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Student says Long Island professor sexually assaulted her in front of class, sues college

The lawsuit says the professor told her "to lay on the table like a slut" for a demonstration during a lesson on muscles.

A student alleges in a lawsuit that she was sexually assaulted by a professor at a college on Long Island, New York, during an April 2016 classroom demonstration.

Jaclyn Vitale said the incident occurred at the New York College of Health Professions' Syosset campus, when she was told by professor Mark Gresser to "lay on the table like a slut" in his myology class and was then groped, according to the lawsuit filed against the school Tuesday in Brooklyn federal court.

Vitale, who currently lives in Florida, enrolled in the college in February 2016 to major in massage therapy, the lawsuit states.

The professor chose Vitale to help demonstrate what is called the "hip-hiking" muscle as part of the day's lesson, according to the lawsuit. Vitale was allegedly supposed to play a patient, and lay on her stomach on a table in front of the class while her six or so classmates each took a turn "to palpate the muscle in question."

Image: New York College of Health Professions in Syosset, N.Y.
New York College of Health Professions in Syosset, N.Y.Google Maps

"It was common for students to take turns in role play, as either patients or prospective therapist, during this course," the lawsuit says, so Vitale did not see anything wrong or strange about the professor's request that she help with the demonstration.

When she joined the professor at the front of the class, the lawsuit says he told her "to lay on the table like a slut!"

Vitale was shocked and appalled, the lawsuit says, and was instructed to lay on the table on her stomach with her pelvic area and hips elevated. Afterward, each student allegedly came up to palpate her muscle.

The lawsuit alleges that while she was laying on the table, she felt someone forcefully grab her anus and vagina, neither of which is near the muscle that was the subject of the lesson. Mortified and unsure of what to do, Vitale got off the table as soon as she was able, according to the lawsuit.

After the exercise, the lawsuit says the professor excused himself and went to the restroom. While he was gone, one of Vitale's classmates told her it was the professor who had "assaulted" her during the demonstration, the lawsuit states. The classmate allegedly told Vitale, "Wow, he got a little handsie!"

Gresser, who is not named as a defendant in the lawsuit, declined to comment when reached by phone by NBC News on Thursday.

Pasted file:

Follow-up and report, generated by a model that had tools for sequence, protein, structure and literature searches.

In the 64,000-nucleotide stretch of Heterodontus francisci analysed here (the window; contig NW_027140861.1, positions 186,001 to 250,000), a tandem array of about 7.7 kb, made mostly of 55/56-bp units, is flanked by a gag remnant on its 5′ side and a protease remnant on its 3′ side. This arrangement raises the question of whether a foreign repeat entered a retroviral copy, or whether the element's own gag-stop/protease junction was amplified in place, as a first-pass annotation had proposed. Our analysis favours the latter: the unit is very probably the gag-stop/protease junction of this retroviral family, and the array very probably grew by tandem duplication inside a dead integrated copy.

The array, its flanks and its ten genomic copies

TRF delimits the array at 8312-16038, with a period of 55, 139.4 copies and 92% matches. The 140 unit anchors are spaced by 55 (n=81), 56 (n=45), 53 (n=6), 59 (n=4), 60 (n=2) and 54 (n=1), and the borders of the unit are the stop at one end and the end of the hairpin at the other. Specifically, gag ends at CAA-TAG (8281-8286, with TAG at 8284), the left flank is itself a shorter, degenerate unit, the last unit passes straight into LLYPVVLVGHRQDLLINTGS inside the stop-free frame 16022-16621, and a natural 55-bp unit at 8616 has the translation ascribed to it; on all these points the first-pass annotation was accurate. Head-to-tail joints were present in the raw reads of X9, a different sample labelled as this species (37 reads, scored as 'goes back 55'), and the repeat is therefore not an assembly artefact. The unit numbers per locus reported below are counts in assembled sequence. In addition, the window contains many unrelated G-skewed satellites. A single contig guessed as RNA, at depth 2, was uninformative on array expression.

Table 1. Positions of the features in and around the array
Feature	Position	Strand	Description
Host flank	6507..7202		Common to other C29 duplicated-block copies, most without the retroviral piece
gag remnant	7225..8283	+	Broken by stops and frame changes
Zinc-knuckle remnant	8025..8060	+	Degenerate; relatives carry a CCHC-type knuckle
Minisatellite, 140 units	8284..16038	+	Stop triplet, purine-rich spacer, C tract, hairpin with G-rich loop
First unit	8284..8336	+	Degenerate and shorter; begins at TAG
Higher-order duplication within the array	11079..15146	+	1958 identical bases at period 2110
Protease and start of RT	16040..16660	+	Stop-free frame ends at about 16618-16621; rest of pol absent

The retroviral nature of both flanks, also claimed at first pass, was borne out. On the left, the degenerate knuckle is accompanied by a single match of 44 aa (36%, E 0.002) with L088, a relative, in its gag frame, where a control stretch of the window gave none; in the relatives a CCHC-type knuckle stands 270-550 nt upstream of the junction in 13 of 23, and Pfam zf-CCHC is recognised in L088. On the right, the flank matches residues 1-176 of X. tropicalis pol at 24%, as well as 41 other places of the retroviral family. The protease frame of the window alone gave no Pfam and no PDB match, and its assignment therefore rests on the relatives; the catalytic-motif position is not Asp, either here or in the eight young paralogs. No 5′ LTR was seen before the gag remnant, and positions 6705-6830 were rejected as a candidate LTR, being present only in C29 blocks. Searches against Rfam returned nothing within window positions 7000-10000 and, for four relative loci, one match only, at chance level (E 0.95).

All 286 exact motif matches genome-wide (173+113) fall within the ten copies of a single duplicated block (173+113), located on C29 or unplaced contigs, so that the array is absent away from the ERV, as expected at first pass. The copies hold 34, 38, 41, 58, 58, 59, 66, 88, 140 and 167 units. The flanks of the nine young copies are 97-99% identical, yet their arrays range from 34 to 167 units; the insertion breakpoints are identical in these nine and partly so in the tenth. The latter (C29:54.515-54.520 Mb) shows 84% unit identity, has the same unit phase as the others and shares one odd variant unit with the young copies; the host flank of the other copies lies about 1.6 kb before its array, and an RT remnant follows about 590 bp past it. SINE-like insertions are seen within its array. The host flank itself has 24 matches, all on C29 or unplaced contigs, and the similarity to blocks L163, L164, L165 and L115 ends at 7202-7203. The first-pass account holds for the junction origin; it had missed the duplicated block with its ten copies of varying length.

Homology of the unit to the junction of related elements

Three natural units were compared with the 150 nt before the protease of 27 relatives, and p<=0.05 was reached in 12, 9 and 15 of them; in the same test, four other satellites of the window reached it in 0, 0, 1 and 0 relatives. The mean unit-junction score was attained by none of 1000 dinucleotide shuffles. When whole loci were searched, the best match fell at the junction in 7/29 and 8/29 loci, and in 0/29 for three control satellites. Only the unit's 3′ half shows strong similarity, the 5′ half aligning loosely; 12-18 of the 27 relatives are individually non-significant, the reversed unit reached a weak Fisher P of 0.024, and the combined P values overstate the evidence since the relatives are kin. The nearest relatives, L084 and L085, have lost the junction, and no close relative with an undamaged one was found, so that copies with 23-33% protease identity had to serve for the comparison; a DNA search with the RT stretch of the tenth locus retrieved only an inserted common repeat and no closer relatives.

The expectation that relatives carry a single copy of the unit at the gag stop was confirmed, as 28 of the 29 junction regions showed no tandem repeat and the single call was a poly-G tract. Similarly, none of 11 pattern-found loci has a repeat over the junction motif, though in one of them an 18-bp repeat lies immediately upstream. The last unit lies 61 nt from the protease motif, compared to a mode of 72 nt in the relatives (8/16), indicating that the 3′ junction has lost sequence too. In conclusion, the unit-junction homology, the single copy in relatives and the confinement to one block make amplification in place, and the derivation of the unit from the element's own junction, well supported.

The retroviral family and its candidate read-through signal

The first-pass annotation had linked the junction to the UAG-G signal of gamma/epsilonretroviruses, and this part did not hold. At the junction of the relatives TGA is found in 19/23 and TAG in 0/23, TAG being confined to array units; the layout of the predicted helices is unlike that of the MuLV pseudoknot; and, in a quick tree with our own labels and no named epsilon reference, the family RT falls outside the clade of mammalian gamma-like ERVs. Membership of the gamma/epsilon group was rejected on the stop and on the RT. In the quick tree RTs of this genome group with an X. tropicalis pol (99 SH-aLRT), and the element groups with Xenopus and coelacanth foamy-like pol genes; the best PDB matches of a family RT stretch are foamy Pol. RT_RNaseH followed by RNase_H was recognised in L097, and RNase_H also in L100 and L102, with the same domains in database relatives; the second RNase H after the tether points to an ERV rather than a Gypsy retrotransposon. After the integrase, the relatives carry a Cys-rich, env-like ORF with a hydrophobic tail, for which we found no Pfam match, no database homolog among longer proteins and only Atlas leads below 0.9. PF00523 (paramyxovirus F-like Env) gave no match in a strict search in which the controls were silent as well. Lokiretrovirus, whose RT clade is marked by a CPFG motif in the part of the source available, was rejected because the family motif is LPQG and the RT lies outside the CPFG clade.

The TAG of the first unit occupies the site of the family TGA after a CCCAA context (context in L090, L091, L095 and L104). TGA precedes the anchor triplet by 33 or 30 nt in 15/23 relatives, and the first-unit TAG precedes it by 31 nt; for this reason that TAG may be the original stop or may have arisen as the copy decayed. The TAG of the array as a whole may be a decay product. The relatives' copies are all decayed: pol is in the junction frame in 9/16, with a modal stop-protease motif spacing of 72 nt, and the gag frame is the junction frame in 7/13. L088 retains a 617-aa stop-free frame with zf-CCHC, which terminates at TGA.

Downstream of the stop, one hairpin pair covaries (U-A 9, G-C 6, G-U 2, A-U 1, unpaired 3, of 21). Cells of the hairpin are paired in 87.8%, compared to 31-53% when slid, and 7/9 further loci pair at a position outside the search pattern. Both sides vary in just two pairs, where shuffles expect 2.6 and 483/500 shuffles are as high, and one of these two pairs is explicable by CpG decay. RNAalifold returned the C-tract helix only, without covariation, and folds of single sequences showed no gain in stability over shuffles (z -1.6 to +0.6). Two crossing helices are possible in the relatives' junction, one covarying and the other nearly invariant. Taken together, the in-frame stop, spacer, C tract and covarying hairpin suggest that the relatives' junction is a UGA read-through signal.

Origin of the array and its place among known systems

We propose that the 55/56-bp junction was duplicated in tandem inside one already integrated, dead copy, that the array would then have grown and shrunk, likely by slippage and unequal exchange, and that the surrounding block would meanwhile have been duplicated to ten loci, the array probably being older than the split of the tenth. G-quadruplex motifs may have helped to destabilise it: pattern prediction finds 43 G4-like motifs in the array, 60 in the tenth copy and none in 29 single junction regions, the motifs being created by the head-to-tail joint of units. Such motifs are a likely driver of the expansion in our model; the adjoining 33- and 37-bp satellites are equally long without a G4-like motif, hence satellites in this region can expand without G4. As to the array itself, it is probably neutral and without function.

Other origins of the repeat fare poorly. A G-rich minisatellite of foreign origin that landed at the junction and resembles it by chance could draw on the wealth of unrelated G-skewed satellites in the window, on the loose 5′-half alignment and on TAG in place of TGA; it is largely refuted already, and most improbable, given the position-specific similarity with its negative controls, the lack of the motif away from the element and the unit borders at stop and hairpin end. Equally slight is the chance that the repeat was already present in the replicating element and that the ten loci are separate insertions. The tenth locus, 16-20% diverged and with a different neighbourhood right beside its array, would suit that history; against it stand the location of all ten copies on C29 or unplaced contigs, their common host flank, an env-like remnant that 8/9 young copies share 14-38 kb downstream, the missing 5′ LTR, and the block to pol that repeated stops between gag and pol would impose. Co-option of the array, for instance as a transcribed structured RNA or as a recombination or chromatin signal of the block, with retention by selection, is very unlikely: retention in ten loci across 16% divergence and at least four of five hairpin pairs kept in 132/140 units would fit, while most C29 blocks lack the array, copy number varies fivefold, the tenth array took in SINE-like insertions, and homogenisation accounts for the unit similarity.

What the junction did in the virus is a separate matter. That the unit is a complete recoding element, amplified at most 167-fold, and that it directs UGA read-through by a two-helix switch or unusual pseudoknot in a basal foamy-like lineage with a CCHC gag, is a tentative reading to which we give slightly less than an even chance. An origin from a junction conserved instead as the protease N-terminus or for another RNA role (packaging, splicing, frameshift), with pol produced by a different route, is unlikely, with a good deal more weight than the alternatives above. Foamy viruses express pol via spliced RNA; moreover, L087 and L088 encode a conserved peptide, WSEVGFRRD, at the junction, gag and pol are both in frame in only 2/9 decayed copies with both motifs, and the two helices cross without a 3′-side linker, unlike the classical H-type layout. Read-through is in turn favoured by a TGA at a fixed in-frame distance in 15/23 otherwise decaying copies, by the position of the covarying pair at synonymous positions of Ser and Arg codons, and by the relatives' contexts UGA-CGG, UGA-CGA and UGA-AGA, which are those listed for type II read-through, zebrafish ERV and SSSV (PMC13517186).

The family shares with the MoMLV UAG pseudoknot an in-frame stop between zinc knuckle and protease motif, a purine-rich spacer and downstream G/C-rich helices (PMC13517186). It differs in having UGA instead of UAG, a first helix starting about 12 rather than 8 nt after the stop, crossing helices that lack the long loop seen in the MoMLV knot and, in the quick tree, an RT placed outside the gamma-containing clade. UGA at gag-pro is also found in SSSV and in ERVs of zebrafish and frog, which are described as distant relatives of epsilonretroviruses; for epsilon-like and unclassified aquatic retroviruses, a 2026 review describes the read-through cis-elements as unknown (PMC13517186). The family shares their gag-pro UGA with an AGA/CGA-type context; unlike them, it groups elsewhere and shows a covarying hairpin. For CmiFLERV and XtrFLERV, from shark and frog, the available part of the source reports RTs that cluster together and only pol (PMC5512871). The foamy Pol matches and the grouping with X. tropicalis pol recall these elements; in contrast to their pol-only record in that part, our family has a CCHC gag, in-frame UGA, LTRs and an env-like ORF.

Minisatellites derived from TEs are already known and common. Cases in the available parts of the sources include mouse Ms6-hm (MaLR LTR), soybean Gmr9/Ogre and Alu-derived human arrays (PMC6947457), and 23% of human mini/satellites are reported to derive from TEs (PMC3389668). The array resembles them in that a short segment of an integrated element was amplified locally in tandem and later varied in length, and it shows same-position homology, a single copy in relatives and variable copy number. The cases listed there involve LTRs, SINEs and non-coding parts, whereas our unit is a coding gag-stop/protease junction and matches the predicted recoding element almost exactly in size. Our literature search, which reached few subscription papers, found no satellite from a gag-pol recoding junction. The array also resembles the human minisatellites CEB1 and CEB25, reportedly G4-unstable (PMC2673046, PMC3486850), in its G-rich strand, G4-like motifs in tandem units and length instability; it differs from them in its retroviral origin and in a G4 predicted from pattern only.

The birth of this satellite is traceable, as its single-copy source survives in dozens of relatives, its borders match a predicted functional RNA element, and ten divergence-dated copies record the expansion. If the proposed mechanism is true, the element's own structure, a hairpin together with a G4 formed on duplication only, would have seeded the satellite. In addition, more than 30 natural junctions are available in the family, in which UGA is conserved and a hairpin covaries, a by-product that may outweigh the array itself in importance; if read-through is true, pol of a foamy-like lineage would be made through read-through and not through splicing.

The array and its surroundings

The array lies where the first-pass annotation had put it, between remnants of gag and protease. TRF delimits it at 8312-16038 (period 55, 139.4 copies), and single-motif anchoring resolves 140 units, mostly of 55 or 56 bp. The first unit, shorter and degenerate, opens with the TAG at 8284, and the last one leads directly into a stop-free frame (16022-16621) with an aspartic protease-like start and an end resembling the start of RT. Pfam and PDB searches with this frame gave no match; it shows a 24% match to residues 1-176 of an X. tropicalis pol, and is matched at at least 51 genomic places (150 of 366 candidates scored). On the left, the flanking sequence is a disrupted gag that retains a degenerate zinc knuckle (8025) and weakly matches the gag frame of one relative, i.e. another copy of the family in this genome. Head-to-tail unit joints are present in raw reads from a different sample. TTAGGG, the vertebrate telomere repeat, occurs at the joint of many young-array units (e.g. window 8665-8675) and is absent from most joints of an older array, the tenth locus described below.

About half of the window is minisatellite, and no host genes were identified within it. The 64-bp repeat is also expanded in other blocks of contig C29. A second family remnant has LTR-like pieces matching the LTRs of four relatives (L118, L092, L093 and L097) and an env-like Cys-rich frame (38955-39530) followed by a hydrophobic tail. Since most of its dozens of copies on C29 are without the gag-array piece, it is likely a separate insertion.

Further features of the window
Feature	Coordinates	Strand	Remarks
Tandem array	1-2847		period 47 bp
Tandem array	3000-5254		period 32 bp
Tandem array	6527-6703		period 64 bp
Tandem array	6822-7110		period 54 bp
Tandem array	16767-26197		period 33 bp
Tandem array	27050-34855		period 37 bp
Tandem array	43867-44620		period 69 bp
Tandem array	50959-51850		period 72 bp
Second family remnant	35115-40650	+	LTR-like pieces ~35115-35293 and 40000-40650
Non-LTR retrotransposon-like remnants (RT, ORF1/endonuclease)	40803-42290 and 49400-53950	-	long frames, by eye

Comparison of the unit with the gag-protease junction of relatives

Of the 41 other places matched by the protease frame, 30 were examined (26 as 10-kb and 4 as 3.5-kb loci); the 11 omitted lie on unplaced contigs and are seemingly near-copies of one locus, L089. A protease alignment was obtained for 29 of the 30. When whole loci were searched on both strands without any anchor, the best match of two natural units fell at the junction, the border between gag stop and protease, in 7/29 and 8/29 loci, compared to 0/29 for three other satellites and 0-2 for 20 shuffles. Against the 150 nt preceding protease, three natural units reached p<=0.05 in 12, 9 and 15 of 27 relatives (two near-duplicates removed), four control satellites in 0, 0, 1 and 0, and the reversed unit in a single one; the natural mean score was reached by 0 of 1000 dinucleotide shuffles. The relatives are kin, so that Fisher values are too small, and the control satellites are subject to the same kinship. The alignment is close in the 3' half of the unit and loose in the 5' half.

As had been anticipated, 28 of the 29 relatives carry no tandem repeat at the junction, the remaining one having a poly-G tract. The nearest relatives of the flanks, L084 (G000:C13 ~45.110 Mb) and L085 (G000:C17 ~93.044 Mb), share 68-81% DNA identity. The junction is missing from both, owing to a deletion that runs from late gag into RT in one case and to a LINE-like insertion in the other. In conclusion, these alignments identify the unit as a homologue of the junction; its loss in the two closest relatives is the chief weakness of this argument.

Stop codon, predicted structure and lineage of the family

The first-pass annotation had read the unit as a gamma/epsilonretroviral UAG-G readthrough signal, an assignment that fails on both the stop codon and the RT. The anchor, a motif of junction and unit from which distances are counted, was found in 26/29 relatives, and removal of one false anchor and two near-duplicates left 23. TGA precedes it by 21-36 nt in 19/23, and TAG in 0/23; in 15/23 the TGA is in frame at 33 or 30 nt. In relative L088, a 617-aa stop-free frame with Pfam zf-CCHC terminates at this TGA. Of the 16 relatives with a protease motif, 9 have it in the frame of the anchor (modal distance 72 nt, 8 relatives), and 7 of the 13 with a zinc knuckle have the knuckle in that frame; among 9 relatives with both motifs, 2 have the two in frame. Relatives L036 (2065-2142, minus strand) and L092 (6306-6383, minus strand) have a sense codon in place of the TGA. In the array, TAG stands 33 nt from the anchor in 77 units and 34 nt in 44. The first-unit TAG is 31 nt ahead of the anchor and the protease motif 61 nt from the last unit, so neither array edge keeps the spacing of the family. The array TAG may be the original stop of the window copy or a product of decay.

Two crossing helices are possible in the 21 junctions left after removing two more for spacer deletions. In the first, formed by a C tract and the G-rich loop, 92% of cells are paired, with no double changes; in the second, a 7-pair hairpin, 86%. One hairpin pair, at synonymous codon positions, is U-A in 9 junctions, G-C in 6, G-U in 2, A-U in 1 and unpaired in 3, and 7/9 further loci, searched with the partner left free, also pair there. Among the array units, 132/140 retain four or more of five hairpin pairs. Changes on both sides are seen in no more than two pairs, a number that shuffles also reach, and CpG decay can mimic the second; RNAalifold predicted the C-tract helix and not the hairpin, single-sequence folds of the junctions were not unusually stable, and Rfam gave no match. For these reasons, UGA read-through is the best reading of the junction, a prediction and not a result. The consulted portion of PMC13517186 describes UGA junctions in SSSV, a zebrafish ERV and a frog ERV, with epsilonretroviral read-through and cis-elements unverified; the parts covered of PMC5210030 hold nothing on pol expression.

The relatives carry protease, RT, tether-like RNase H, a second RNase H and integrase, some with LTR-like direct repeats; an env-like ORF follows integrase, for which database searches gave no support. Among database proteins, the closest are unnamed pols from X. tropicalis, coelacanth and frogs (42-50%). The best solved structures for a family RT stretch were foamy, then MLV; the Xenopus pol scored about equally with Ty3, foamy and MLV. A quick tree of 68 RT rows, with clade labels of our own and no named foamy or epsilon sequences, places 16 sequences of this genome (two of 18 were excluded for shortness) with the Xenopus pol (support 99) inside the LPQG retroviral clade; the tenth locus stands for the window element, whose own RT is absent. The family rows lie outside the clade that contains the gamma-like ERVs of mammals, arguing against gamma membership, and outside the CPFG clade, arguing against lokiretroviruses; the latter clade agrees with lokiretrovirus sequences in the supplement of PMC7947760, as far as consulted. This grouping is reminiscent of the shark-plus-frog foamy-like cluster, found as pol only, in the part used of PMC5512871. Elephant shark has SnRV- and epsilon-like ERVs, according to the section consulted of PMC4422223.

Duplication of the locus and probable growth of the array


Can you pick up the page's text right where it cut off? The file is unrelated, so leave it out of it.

New York College of Health did not immediately respond to a request for comment.

Vitale sat through the remainder of the class that day after the professor returned, according to the lawsuit.

She later told another professor about the alleged assault, who advised her to report it to the dean and to submit a formal complaint. Vitale did not immediately take this professor's advice "because she was scared of what may result by reporting," the lawsuit says.

The following semester, Vitale routinely saw Gresser at the college and "he soon began to make off-hand remarks and inappropriate comments" to her about her body and appearance, which she said made her feel sick to her stomach, according to the lawsuit.

In August 2016, Vitale confided in another professor who said she was "horrified" to learn of the alleged assault, the lawsuit states. That teacher reported the alleged assault to the dean and instructed Vitale to do the same via email, the lawsuit says.

Vitale met with the dean in December 2016 to talk about the April incident, according to the lawsuit. At the end of their meeting, the dean promised to look into the matter.

Vitale generally earned A's and B's, but her grades suffered as a result of the alleged assault, the lawsuit says, and, for the first time ever, she failed two classes the following semester.

Vitale left the college in 2018 "in an effort to save herself from continued torment and harassment," the lawsuit states.

Gresser, a doctor of podiatry, is listed on the college’s website as an adjunct professor.

Vitale is seeking reimbursement for all of her tuition and related expenses, attorney's fees and other punitive and exemplary damages. NBC News was unable to reach Vitale at phone numbers listed for her. Lawyers for Vitale did not immediately respond to a request for comment.